Co-owners of The Nesting House in West Mt. Airy are Jennifer Kinka (left) and Meredith Jacoby, who is holding her daughter, Sylvia. (Photo by Pamela Rogow from 2012; Sylvia is now 3 and a …
by Lou Mancinelli
Back in 2010, two local stay-at-home moms wanted to experiment. Somewhat under-stimulated at home, they decided they were going to start a high-quality second-hand children's clothing store.
The kind of place “we want to exist,” co-owner Jen Kinka, 36, recalled. So, in 2010 Kinka and Meredith Jacoby, 38, launched The Nesting House in Mt. Airy, at 606 Carpenter Lane.
“I was looking for something for my brain to chew on,” said Kinka, who had worked as a high school physics and math teacher in Delaware County for five years before leaving to raise her children.
As mothers, they realized how quickly they would go through clothing, toys, whatever. “You just go through stuff and stuff and stuff,” Kinka said.
Their vision was that if they sold high-quality clothing at a good price — most products in the store range from $3 to $10, and from sizes zero to 8 — they could create a two-sided impact. First, there would always be a supply of high-quality clothing at the store, and second, because the clothes are second-hand, the sustainably minded moms could help contribute to recycling and reducing trash in landfills.
So they called up friends, announced they were opening a store, and asked for donations. Friends sent help, and in June 2010 the store opened. Almost immediately, Kinka and Jacoby were “blindsided by the response,” Kinka said.
Within in a few months, they were making profits. Eventually, Jacoby moved to Vermont, and Kinka's husband Christopher left his job teaching in Philadelphia public schools and joined the Nesting House team.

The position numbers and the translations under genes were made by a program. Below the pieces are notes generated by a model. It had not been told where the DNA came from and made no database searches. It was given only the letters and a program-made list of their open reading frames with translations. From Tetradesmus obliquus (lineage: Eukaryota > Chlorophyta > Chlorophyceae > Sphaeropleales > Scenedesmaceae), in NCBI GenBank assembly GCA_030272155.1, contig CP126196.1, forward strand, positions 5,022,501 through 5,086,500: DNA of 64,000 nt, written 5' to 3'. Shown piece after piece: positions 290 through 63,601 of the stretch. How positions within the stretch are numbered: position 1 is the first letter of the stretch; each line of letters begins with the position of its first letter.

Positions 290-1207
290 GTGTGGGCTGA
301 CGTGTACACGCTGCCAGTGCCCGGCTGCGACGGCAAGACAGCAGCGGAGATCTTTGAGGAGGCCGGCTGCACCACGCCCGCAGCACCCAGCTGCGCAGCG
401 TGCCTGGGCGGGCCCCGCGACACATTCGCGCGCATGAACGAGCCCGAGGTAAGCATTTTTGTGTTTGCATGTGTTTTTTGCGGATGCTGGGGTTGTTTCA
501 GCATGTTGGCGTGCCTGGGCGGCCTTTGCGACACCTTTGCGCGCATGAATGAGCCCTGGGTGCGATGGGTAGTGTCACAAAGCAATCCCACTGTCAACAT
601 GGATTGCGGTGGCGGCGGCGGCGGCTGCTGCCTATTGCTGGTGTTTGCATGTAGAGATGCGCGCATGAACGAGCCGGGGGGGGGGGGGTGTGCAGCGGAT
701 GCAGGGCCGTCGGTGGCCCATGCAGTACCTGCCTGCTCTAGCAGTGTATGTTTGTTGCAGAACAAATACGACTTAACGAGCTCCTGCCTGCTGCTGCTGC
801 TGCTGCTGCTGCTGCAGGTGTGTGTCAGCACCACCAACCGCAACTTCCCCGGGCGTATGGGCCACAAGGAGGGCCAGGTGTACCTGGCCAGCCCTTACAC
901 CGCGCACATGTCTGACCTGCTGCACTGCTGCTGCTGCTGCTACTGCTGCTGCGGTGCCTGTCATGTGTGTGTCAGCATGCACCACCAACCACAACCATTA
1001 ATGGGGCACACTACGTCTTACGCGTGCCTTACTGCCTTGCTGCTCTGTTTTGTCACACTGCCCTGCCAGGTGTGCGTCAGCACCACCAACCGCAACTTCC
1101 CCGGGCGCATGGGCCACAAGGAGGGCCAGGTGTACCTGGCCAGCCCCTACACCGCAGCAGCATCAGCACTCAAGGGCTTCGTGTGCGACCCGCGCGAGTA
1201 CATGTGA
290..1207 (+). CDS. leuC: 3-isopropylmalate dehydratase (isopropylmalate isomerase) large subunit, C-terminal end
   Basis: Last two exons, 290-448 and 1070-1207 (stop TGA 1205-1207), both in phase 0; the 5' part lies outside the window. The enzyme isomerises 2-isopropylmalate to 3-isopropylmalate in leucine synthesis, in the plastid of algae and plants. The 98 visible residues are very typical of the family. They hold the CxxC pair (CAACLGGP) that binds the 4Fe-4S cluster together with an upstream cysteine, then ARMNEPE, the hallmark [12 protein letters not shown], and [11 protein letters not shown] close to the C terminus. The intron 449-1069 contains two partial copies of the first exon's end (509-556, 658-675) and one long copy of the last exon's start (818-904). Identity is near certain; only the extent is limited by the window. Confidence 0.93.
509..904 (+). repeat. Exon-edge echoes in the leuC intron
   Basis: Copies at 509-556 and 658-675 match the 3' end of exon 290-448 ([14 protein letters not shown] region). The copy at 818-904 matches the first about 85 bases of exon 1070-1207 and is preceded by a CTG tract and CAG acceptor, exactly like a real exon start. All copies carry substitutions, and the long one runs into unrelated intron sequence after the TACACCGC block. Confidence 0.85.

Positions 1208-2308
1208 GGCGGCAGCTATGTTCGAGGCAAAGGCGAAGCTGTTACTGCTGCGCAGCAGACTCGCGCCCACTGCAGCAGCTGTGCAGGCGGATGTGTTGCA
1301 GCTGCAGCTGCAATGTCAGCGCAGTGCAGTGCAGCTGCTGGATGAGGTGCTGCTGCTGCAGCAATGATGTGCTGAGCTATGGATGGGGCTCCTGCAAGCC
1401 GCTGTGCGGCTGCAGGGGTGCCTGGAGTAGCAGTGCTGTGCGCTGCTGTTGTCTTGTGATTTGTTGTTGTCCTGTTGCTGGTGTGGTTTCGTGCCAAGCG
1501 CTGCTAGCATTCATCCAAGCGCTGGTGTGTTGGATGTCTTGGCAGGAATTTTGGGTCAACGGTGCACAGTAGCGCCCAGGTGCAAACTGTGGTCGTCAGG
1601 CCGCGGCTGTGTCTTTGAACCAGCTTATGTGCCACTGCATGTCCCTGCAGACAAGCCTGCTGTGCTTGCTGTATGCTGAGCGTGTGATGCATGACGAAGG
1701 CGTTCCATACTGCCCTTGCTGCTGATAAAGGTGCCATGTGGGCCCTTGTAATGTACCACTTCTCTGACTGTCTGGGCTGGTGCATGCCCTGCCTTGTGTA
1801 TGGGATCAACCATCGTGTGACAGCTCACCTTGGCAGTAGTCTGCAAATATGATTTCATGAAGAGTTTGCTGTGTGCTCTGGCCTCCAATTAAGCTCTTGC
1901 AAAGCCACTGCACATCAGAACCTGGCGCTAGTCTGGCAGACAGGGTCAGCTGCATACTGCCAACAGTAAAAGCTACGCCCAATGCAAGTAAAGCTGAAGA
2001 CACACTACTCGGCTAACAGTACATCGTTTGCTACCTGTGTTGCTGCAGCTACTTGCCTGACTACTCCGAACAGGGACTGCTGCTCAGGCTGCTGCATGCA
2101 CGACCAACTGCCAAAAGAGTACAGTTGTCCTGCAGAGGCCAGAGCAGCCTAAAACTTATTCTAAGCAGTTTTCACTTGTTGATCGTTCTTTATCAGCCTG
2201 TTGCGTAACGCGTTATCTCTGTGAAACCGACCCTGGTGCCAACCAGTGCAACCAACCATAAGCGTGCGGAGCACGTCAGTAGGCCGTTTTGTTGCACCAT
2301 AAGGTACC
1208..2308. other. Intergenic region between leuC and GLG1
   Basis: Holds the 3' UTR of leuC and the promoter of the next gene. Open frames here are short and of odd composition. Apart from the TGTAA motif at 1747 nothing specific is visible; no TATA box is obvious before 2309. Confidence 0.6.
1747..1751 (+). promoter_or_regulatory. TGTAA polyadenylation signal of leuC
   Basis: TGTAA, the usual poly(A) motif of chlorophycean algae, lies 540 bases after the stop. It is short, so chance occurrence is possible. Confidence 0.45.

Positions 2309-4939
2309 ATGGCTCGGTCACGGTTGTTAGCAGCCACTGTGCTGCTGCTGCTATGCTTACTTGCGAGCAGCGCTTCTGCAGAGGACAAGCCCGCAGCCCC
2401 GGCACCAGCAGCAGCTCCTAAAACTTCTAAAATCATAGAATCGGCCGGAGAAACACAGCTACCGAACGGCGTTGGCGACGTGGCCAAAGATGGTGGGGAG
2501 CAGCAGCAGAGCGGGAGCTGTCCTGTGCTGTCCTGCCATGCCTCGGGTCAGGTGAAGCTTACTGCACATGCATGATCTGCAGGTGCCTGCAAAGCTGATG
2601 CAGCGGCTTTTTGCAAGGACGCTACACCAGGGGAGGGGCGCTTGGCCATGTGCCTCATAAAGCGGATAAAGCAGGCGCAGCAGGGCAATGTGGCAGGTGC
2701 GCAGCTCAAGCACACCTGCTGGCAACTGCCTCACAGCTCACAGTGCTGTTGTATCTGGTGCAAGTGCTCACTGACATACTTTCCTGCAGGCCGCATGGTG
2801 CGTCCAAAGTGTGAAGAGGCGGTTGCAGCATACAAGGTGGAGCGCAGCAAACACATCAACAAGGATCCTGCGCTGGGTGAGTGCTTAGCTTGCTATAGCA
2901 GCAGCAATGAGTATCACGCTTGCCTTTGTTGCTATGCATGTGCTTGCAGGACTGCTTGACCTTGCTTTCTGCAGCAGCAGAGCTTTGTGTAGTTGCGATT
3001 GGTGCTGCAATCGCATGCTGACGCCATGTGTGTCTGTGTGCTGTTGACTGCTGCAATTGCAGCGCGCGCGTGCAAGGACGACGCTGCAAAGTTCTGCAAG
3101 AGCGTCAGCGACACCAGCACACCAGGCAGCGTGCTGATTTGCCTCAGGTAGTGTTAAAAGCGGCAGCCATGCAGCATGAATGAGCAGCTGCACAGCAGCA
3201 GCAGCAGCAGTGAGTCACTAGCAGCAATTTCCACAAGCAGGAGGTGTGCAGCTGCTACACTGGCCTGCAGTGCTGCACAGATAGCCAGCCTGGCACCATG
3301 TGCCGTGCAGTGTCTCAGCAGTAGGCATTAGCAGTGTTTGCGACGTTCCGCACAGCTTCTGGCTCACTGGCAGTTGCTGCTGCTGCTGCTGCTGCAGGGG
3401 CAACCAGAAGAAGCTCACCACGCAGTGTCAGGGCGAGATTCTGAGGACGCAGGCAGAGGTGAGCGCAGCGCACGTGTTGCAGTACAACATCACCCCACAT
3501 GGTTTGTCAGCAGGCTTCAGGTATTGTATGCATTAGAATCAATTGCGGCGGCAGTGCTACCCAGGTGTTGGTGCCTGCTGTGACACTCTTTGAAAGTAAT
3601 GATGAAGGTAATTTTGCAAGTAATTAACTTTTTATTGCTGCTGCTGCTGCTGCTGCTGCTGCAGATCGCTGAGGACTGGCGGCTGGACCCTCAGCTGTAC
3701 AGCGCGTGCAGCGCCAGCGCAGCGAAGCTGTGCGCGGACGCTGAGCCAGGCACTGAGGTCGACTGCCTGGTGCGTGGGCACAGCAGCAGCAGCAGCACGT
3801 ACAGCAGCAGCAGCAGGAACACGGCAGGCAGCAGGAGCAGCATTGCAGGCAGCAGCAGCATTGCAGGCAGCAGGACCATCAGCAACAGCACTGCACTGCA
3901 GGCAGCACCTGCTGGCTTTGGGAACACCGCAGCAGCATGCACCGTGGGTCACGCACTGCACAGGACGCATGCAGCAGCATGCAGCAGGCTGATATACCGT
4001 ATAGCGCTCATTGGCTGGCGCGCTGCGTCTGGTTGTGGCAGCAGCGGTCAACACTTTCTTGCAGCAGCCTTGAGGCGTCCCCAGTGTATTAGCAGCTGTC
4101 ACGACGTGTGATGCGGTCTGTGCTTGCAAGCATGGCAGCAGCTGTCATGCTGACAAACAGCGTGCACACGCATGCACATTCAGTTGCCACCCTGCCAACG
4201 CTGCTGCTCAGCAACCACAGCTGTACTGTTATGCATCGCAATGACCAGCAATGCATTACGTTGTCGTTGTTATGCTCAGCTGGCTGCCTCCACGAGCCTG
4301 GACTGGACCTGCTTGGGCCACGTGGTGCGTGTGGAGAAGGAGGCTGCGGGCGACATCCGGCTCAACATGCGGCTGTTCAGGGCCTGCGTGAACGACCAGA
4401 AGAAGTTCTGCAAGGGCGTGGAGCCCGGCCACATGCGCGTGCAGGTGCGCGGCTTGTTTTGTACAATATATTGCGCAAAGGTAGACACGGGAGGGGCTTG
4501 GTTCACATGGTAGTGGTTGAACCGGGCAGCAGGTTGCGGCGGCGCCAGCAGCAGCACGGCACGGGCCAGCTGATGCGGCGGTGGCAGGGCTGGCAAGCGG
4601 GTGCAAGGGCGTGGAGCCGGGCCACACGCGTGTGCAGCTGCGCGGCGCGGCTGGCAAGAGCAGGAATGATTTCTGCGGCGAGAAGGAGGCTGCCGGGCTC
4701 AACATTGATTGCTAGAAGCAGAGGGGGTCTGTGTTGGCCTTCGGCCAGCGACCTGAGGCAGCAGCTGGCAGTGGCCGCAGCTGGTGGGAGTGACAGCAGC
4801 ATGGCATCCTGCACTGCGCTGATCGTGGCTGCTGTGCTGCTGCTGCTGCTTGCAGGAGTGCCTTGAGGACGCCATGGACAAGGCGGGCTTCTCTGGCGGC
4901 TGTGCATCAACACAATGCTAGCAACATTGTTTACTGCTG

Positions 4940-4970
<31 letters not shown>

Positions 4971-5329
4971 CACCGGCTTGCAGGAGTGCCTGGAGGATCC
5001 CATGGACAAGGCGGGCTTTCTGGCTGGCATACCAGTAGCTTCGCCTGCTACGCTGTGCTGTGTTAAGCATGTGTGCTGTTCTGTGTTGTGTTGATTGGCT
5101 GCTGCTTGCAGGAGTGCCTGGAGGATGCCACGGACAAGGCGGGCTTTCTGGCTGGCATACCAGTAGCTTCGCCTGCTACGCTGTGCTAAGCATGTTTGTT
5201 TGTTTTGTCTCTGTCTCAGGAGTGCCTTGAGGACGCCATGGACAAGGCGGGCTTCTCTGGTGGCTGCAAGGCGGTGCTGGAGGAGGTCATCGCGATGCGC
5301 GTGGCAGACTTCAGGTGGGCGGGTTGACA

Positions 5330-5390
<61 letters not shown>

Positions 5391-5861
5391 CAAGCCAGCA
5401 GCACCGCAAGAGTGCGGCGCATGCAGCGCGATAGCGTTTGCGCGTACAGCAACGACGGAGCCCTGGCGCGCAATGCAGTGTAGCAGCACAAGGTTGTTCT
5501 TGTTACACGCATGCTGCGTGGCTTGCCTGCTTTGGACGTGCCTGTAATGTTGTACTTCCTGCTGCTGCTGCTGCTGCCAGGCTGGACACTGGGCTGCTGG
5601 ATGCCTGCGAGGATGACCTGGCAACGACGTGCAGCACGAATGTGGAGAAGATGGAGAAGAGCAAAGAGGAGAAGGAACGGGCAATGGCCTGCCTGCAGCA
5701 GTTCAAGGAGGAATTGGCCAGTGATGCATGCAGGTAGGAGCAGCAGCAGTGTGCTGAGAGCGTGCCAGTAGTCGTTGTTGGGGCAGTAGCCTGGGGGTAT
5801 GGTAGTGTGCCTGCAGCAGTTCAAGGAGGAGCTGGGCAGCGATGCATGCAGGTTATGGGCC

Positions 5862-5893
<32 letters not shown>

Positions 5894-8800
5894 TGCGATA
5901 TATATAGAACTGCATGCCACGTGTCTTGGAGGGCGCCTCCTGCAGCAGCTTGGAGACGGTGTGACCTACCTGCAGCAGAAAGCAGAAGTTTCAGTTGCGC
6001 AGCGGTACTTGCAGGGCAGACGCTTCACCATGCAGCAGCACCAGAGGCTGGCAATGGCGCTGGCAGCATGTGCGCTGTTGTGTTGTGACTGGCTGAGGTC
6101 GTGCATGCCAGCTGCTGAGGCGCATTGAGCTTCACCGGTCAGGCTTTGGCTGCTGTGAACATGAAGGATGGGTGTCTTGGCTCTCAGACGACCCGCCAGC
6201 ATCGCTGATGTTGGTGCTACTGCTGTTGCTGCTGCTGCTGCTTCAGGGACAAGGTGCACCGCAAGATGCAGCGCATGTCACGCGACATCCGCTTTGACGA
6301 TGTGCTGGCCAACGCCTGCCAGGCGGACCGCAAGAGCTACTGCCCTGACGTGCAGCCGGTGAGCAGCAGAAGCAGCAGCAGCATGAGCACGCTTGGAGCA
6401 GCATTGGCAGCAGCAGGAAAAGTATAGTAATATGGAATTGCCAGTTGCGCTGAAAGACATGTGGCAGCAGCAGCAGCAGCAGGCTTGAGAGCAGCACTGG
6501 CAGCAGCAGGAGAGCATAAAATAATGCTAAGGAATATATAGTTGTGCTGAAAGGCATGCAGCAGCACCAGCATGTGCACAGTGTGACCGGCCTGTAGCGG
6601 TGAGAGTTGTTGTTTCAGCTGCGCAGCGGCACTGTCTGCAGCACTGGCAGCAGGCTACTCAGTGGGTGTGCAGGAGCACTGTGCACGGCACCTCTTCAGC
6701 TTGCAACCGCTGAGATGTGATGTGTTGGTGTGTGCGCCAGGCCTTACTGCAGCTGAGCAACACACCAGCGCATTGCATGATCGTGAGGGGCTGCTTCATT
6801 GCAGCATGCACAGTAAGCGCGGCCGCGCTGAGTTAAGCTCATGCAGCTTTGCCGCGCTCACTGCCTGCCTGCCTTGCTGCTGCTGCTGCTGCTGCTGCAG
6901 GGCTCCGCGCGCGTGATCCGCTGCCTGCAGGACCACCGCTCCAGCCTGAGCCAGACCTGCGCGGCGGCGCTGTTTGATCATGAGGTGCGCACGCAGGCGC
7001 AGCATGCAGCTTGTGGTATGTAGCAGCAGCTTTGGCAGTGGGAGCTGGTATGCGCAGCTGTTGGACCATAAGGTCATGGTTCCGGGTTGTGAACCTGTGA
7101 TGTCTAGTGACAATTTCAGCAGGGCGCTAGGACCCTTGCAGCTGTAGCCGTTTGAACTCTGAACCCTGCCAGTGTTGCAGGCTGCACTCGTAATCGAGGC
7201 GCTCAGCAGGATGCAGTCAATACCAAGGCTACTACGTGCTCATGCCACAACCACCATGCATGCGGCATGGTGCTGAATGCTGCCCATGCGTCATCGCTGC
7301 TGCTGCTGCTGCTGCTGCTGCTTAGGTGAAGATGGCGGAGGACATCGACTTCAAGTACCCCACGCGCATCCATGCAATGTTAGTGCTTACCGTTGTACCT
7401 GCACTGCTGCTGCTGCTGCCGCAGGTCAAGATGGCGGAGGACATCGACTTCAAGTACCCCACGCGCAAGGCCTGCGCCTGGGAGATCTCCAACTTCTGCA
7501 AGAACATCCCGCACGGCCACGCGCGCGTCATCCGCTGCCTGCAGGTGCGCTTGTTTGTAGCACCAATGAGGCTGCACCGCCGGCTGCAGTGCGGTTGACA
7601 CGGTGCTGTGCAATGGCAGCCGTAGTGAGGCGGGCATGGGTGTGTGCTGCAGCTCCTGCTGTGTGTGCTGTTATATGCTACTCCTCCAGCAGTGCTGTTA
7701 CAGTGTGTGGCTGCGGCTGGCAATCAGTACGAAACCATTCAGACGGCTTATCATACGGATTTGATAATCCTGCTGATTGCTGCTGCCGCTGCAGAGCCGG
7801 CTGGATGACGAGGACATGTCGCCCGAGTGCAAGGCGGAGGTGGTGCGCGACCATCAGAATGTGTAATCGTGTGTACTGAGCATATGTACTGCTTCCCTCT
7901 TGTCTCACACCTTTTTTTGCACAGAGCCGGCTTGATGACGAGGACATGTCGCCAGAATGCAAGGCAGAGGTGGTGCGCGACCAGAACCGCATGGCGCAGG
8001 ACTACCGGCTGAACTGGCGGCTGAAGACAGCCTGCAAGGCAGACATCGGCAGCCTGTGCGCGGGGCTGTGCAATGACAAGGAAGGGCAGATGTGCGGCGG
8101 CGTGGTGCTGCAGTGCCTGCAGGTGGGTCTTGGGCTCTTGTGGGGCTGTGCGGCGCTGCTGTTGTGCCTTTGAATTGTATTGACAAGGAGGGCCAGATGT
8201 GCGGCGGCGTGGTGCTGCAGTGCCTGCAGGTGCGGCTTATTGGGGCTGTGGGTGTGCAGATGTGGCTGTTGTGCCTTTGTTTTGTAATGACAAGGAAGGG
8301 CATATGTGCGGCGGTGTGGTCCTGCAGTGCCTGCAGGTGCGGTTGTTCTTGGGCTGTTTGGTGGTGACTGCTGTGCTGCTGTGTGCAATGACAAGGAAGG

Flash-forward two-and-a-half years, to mid-2012; the Kinkas decided they were going to expand. Being the modern, eco- and community-minded couple they were, like so many others in Mt. Airy, they posed the question on social media: Where should we go next?
Kinka figured that would garner a few responses. They received over 1,000. Eventually, in July of 2013, The Nesting House opened its second location in Collingswood, NJ, which is twice the size of the Mt. Airy location, and it was soon profitable.
Now, they're expanding again. This summer the Kinkas, who've lived in Mt. Airy five years and for seven years in Germantown before that, are poised to open a third Nesting House. This time in West Philly at 4501 Baltimore Ave.
Raised in a small farm town in Western Pennsylvania, Kinka came to Philadelphia to study education at LaSalle University ('01). “The best part about it is all the creativity,” she said about running the stores. When she wants to make a design change, she doesn't have to go through anyone else.
And, at each store, the Kinkas are building community, not just by providing quality second-hand children's clothes but also by hosting classes each week. Once a week at each store there is a mothers’ support group. In Collingswood, there are Spanish classes for toddlers.
Yet, there is another family aspect of all this that drives home for Kinka, a mother of three: Shea, Sam and Nora. Before even thinking about opening a store, she lost both of her parents to illnesses. When they passed, they left her a small amount of money.
“When I got that little check in the mail,” Kinka remembers, “I was like, if I put this in my bank account, I'm just gonna spend it on groceries.” Nesting House then “kind of came out of that desire to do something positive for the community.”
A community of like-minded people, the type of folks who “are looking for real answers in life … like what's really in my food,” is the reason she and Christopher, 38, first moved to Germantown. In the Northwest, Jen Kinka has found, she's not alone in being a mother without parents close by. So many people who live there are transplants.
“I feel like we've patched together a community for all these people who are living in a different place than where they were raised,” she said. Plus, with Nesting House, she's always close to a fresh change of clothes for her children.